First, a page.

6. Our reader are looking for the “holy grail” hardware box – a small, silent, Apple TV like device, but open and with the ability to play 1080P. Does Boxee have any plans to create its own such device and if so can you give us any details?
We’re software guys, and we personally have no interest in making a box ourselves. We know that our users want that though, and coming out of CES we had a lot of interest from hardware manufacturers to build a boxee box. We’re talking with nearly every major device manufacturer to get it done – who knows, by early 2010, you could see a number of devices that say “Powered by boxee” or with “boxee inside!” but for the moment we’re focused on perfecting the platform.
7. In the “global village” digital rights management is still slowing progress. How are you coping with DRM and do you ever envisage a time when internet TV will be available internationally without physical border restrictions?
DRM will continue to be a problem until content makers across all industries realize the game has changed – consumers want media that moves with them. No one wants to pay for a box, and then pay again for media that can only play on that box. It doesn’t fit with the way people consume media these days. We’ve seen they’re willing to download software when it’s good, and that they’re willing to pay for content if it’s in a format that’s easy for them to access.
We definitely see geo-locking becoming a thing of the past; currently content producers are losing easy revenue to consumers who are forced to download shows illegally because they have no other way to obtain them in a timely manner. As to when though, it will be far behind our desires.
8. Boxee is based on xbmc.org. What percentage of your code is custom now would you say and what is the development environment?
boxee has both server and client software. the client software is based on xbmc and we have been working to extend it since early 2007. most of the code is shared back with team-xbmc and vice-versa. so it is hard to say what percentage is boxee. we don’t count lines of code.. 🙂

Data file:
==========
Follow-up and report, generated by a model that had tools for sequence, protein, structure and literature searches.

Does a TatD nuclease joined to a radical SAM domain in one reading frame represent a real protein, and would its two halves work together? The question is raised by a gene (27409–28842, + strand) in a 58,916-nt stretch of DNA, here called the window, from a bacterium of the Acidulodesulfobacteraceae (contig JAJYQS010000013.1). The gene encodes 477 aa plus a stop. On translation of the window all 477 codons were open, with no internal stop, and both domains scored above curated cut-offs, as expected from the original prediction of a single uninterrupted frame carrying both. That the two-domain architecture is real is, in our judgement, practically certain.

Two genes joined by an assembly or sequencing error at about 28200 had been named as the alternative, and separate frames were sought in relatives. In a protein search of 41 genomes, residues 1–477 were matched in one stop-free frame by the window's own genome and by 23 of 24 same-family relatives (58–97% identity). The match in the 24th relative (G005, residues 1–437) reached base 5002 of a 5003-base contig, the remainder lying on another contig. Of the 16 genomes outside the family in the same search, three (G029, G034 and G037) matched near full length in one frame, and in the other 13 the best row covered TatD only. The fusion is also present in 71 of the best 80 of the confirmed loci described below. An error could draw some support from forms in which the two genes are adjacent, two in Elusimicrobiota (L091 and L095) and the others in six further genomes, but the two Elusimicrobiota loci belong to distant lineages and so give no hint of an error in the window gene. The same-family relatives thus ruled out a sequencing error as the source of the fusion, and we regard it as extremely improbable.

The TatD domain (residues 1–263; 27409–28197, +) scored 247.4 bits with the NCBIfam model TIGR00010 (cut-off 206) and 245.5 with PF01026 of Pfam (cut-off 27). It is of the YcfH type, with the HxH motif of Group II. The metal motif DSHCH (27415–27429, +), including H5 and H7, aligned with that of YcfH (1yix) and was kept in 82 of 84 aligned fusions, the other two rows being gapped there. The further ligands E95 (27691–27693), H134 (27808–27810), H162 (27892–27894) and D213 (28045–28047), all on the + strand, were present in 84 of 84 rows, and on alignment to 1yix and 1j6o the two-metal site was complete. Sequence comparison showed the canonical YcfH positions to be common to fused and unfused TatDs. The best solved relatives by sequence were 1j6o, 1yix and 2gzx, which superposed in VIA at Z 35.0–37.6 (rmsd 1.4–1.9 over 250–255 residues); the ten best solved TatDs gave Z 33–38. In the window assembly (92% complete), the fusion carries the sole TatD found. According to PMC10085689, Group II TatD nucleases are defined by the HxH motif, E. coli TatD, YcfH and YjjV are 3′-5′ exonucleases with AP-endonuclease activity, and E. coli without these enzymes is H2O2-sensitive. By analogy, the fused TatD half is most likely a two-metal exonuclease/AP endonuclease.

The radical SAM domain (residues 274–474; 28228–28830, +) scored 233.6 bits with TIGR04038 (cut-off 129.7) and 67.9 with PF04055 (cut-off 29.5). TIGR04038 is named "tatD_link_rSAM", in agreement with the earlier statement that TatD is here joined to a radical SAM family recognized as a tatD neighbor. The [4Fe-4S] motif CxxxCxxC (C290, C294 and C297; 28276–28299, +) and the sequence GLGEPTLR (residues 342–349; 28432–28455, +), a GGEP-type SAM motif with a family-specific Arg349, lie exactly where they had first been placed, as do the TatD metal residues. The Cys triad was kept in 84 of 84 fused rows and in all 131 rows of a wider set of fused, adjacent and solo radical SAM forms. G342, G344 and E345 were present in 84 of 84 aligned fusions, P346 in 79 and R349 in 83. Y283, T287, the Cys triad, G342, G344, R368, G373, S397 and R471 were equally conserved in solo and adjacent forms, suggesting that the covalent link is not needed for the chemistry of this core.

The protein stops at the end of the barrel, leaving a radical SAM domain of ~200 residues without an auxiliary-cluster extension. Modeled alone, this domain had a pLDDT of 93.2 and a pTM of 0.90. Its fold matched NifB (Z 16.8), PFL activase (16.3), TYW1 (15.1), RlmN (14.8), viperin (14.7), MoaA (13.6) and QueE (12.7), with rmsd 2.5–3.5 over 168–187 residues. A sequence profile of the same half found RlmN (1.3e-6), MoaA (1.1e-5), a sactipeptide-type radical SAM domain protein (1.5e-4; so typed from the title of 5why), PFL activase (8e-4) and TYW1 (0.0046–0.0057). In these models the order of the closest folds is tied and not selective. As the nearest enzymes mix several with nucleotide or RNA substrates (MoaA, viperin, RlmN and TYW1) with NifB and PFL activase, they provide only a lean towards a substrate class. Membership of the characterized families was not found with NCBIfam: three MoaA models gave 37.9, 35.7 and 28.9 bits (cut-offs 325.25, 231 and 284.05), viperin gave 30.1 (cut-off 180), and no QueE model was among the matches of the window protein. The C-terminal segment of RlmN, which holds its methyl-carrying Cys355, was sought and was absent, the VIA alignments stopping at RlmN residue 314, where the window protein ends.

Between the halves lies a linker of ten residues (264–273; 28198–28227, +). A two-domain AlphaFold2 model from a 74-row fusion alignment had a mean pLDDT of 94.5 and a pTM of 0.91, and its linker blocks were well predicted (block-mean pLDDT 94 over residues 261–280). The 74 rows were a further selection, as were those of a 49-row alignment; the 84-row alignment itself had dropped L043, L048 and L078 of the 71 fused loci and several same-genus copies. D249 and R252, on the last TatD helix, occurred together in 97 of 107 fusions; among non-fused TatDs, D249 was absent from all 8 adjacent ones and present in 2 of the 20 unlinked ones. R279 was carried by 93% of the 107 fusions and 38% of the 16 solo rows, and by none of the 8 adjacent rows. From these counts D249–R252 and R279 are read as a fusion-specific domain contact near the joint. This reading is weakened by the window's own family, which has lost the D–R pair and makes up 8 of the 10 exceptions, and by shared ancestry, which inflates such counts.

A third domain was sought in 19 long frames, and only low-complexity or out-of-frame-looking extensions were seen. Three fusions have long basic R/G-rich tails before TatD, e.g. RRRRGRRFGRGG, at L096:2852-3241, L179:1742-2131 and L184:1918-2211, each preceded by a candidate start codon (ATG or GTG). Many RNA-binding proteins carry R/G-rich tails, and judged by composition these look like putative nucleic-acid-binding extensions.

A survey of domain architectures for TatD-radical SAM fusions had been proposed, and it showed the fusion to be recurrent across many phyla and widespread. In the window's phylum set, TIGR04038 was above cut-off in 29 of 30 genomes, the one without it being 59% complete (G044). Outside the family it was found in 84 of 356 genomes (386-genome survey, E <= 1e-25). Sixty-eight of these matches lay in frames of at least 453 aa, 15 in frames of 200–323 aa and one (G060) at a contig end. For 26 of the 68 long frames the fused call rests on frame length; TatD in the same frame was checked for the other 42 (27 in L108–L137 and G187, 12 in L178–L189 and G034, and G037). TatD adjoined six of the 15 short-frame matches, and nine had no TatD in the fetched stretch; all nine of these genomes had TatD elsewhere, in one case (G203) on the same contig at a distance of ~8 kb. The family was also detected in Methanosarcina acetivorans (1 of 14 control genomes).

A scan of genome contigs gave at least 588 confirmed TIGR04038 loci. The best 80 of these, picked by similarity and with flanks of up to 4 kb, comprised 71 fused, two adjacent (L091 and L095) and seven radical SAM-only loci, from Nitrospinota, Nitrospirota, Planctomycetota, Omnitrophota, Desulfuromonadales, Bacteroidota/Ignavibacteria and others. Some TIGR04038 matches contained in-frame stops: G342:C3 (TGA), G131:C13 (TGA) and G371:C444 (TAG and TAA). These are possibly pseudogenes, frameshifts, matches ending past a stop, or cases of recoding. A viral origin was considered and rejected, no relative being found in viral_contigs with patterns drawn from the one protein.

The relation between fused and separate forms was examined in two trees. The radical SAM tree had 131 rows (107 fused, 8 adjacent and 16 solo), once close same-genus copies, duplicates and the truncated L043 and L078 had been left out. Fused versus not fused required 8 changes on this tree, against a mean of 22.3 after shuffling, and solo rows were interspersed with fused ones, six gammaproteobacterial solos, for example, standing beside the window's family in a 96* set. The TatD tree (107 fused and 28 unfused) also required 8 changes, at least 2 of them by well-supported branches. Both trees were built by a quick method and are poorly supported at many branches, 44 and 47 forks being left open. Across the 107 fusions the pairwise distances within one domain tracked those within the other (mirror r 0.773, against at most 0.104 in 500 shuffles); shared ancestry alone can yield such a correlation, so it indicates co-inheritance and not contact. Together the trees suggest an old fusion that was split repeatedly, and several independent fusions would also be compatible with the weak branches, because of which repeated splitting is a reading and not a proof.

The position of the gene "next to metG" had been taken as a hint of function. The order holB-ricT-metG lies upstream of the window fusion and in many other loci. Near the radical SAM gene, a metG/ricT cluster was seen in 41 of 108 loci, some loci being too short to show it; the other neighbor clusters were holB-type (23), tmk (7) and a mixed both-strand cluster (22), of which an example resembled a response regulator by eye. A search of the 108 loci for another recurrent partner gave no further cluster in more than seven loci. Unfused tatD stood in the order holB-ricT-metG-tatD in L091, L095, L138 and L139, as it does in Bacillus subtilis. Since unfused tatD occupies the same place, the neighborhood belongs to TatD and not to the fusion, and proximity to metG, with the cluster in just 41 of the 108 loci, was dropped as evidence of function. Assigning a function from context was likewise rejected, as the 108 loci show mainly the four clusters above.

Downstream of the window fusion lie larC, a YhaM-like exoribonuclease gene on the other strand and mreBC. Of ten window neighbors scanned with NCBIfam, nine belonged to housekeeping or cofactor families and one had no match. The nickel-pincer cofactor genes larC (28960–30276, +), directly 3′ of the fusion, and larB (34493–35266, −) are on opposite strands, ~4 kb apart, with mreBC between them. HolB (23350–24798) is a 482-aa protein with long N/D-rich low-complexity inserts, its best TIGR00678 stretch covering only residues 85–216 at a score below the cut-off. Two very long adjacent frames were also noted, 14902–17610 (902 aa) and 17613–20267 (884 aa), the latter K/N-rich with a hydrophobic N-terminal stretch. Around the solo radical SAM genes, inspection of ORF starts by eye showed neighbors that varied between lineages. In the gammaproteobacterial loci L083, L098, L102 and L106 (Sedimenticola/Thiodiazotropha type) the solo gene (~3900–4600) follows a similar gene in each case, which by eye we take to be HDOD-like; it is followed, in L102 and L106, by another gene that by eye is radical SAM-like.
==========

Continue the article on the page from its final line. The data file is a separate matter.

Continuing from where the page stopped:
9. Boxee has some unique social networking features allowing friends to recommend content to each other for example. How important is the social aspect to the media players success?
boxee was built from the ground up with the social features in mind – it’s how we use the web today from recommendations, to sharing, to voyeurism – we want to know what other people (friends & strangers) are doing so that we can check things out and join in. The social element keeps boxee more interesting than just your own personal content and gives boxee a viral element. Both are keys to our success.
10. Of all the media players around, Boxee seems to be the one most focused on pulling together media from the many disparate sources on the Net, such as BBC iPlayer, Joost, Hulu, Last.FM and Flickr. Its becoming clear that the future of TV is IP. Where do you see it all in 10 years time?
we don’t think cable/sat and broadcasting as we know it is going to disappear over the next 10 years. it will be complemented by experiences such as boxee, and we believe the majority of media consumption is going to be IP based. the living room experience will become an always-on experience and will be an integral part of a connected lifestyle.